People have written to me of their own unusual and life-changing experiences with trees. Often they begin with, “I’ve never told anyone about this but…” as if this were a secret, precious and possibly taboo subject that they, as a result of my sharing, feel permission to ‘come out’ about.

I will be writing more as we go along to tell you about what is happening with my little forest and to invite your stories and inspirations. Have you encountered tree love, received a message, had a favorite tree in your life, or retreated to the woods for peace, for healing or to ease your heart?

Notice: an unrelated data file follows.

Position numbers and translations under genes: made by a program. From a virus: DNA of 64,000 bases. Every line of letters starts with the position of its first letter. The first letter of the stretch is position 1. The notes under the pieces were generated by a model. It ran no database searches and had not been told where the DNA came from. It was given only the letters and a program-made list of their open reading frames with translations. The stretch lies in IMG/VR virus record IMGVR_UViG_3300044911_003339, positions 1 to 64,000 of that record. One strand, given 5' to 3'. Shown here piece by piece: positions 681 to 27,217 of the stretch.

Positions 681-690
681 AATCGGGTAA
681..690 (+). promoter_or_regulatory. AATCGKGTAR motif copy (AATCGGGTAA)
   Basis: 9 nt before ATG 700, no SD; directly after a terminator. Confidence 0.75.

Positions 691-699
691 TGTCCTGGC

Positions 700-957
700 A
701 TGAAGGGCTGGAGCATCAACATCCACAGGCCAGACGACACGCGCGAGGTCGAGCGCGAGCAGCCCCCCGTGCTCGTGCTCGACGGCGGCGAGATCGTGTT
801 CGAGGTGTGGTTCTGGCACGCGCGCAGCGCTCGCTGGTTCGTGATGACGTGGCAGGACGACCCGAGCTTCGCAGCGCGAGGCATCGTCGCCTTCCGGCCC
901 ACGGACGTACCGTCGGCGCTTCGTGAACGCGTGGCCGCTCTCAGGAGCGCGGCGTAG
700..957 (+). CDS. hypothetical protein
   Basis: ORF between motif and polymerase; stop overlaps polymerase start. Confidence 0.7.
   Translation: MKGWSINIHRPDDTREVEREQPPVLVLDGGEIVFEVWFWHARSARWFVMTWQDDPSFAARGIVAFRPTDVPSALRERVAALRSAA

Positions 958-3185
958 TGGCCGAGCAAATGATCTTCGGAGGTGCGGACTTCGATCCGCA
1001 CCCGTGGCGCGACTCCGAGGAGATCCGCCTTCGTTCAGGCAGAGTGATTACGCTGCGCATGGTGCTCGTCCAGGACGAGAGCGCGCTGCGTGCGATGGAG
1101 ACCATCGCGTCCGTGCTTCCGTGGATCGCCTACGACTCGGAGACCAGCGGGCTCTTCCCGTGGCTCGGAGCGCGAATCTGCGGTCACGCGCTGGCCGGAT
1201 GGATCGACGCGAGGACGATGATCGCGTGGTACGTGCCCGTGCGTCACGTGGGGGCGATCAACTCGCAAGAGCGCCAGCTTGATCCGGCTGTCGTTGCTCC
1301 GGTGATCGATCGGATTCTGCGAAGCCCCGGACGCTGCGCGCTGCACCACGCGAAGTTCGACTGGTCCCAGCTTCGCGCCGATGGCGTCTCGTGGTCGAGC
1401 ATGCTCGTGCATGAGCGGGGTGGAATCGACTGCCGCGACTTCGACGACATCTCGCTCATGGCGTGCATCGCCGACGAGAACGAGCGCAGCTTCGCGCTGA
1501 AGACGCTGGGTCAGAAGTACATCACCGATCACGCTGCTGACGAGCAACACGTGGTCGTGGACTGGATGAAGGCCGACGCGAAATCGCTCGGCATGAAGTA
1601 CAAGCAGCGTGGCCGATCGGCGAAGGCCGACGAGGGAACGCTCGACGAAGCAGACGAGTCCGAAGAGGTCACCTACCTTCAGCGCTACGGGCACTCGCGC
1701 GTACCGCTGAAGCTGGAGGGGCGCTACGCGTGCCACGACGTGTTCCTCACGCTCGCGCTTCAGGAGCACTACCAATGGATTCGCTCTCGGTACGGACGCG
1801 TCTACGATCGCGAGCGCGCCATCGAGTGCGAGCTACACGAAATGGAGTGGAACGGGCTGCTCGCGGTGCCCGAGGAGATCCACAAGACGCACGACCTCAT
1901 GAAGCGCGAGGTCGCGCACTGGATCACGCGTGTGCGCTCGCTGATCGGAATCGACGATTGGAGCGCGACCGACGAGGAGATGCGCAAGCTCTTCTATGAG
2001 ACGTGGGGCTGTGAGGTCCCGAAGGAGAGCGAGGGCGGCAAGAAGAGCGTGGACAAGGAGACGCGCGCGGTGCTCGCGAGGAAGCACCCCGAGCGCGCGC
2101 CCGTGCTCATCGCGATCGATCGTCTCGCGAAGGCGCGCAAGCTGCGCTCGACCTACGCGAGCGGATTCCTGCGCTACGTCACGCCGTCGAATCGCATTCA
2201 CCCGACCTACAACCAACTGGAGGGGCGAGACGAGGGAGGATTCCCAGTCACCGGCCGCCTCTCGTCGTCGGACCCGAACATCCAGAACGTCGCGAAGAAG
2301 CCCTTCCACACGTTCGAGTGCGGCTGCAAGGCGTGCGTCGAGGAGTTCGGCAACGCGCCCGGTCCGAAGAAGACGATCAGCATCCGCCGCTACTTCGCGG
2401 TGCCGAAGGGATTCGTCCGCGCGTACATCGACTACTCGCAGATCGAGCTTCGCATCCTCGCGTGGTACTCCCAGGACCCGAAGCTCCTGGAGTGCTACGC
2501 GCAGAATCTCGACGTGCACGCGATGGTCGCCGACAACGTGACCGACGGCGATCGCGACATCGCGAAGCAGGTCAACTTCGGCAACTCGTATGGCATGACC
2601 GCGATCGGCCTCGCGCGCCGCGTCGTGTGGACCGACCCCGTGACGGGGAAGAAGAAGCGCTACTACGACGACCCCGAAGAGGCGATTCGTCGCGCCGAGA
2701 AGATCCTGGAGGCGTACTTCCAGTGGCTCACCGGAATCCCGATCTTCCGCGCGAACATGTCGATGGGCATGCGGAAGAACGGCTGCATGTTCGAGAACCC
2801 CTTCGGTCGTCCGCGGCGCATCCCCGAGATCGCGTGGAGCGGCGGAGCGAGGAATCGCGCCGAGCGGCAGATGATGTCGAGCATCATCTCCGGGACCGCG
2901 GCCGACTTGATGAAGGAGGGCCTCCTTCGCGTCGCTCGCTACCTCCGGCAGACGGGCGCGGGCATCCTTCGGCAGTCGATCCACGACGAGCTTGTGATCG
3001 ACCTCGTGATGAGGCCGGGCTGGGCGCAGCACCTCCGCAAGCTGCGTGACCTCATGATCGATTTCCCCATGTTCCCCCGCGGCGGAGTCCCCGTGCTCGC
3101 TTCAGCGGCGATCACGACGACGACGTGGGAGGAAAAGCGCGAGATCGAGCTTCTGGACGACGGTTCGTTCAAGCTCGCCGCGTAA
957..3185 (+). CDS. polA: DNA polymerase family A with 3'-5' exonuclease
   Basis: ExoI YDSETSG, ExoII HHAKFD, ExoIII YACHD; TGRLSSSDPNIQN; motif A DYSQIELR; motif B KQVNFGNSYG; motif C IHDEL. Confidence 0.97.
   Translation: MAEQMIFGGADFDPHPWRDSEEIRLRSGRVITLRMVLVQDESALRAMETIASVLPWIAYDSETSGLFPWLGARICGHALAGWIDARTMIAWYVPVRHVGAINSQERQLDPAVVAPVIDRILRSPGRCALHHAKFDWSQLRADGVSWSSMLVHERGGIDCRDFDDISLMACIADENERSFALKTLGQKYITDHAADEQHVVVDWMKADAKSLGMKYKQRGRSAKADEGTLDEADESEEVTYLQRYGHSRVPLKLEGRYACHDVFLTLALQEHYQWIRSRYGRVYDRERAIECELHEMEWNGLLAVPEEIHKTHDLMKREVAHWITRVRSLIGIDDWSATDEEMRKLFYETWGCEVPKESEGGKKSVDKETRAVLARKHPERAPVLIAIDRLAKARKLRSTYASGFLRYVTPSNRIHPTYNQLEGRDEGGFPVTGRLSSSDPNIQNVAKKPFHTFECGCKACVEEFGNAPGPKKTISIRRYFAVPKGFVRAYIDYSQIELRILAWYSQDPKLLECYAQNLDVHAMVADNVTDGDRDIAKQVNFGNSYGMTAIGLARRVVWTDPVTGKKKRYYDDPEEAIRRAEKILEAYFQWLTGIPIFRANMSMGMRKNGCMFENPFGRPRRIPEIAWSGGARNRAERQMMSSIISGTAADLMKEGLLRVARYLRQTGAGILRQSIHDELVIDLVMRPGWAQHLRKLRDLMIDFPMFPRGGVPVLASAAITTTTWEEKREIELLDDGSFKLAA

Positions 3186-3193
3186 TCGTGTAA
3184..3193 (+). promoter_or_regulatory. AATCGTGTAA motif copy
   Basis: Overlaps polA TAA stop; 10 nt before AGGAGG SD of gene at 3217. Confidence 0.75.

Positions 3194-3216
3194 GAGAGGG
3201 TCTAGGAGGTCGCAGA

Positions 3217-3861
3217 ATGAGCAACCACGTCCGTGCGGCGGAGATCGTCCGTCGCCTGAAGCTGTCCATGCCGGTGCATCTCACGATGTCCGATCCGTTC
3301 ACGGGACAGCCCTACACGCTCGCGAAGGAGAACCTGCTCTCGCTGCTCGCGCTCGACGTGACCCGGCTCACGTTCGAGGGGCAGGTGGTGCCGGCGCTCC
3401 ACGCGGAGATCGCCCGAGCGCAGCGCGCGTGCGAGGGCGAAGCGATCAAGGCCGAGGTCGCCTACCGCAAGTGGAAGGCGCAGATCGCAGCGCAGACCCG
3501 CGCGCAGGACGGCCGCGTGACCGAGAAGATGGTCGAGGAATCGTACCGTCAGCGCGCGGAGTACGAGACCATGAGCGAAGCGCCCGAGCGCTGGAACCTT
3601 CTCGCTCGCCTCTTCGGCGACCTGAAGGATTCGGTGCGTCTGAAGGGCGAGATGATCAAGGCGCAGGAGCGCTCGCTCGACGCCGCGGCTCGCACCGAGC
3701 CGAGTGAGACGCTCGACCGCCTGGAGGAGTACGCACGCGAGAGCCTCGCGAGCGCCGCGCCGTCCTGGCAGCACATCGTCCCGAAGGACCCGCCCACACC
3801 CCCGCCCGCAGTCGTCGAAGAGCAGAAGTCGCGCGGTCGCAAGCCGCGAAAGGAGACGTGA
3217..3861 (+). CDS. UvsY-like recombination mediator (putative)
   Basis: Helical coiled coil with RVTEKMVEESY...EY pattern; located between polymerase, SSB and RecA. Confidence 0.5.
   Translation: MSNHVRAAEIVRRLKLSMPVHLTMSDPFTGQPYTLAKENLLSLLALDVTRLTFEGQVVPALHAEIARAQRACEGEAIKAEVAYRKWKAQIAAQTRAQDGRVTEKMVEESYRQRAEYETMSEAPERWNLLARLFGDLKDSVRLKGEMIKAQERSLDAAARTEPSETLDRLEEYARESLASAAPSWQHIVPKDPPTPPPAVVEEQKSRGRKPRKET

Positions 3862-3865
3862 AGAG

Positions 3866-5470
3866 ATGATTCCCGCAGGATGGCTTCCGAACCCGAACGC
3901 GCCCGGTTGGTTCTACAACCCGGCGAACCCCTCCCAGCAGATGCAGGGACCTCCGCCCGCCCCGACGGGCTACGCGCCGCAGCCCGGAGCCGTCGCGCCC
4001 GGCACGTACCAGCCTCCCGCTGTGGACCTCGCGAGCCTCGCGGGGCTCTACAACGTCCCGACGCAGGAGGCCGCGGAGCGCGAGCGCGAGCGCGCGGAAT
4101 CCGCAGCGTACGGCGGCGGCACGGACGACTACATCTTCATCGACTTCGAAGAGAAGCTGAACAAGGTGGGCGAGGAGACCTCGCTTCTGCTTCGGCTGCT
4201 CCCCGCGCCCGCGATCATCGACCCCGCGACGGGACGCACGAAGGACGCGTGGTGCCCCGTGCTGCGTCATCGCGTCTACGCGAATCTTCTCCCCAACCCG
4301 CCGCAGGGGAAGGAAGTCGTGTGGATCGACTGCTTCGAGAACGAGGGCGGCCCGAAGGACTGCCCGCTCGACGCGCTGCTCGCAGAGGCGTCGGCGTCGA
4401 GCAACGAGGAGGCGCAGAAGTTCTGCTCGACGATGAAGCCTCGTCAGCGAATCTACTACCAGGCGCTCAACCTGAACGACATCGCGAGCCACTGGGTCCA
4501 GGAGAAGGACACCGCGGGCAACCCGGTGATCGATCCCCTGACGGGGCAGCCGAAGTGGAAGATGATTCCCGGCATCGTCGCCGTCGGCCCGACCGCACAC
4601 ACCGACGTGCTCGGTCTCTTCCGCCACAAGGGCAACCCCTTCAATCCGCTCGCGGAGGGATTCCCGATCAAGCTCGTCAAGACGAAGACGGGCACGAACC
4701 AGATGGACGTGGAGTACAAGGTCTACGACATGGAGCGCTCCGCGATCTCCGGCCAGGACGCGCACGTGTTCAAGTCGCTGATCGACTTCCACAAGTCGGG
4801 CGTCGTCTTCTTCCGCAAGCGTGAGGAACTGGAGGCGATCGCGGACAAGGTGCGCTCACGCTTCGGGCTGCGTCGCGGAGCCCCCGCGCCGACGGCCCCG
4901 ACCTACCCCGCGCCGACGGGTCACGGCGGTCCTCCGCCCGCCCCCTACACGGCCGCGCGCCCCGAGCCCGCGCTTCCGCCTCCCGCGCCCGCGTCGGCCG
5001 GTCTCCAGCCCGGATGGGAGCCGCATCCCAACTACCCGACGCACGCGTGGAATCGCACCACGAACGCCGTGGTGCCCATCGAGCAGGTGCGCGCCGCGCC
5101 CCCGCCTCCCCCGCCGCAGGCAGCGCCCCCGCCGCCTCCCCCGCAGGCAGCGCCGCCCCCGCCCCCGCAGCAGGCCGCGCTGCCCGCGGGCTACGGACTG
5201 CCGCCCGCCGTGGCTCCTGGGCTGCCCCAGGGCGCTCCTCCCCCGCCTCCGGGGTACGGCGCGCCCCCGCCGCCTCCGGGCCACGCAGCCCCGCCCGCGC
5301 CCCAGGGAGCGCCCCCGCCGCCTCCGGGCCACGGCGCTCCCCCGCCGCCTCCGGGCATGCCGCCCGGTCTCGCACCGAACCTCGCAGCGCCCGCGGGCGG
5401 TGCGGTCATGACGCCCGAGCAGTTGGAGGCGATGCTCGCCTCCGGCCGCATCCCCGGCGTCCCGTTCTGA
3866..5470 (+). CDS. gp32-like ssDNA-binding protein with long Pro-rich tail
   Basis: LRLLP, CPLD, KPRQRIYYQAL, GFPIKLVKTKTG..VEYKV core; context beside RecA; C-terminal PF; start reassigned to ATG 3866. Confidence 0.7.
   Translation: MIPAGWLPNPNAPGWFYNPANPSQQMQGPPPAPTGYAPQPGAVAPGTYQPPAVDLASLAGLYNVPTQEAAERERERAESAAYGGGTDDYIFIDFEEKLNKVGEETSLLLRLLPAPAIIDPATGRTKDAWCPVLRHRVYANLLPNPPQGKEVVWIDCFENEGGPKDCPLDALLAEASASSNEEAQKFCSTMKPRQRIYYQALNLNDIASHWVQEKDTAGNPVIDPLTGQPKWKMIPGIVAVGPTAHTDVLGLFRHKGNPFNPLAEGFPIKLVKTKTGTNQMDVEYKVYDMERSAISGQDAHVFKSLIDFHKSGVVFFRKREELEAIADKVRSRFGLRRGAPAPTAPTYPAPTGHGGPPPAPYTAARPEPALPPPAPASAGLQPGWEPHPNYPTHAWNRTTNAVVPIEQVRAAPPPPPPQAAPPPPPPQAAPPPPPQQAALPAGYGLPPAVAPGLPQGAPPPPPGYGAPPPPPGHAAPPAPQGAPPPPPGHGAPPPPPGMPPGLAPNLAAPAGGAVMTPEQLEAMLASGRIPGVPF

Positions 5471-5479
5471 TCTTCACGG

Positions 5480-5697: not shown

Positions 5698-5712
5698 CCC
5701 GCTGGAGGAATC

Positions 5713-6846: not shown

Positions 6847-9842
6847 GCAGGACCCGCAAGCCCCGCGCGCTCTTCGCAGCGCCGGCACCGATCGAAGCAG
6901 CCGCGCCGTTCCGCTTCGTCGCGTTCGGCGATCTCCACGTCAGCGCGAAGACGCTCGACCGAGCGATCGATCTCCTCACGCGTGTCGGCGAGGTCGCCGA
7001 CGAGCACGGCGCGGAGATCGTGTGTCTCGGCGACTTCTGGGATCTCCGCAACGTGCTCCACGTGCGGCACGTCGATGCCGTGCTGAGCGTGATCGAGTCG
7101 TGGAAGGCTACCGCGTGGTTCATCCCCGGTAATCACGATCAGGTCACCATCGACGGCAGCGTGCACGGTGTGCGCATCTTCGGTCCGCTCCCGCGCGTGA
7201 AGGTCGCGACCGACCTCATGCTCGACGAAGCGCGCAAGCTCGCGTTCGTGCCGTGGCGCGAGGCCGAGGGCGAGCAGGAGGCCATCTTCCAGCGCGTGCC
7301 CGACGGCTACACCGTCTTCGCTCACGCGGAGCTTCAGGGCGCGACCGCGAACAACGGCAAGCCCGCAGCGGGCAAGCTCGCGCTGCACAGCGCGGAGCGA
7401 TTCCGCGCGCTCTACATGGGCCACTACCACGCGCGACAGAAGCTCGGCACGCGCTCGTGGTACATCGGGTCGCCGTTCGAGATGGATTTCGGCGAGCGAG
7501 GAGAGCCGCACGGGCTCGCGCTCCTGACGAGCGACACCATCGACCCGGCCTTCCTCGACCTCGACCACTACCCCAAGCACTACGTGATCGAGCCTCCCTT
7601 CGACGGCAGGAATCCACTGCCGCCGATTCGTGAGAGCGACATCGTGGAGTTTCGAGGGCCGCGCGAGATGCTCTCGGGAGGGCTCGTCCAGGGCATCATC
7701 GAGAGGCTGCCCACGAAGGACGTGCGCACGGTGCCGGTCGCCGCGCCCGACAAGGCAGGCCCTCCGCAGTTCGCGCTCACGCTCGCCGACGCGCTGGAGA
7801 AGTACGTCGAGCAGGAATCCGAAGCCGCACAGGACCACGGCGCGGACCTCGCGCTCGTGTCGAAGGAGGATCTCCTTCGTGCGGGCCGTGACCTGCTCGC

Elisa Novick, MSS does profound work as a healer, teacher, counselor, coach, minister, and facilitator of workshops and trainings in personal, professional, and spiritual development. She can assist you to clear personal, karmic and genetic patterns that have limited you and teach you exquisite attunement skills so you can become the magnificent master of life and Light that all of us are destined to be. Elisa has been assisting people in their growth since 1982 through her counseling practice and in facilitating over 1,000 workshops in holistic health, human development, family constellation, systemic constellation, organizational dynamics, planetary healing and spiritual awareness. Read her other Planet Waves articles here.

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12 Responses to An Oak Tree Changes My Life

  1. Hazel1 Hazel1 says: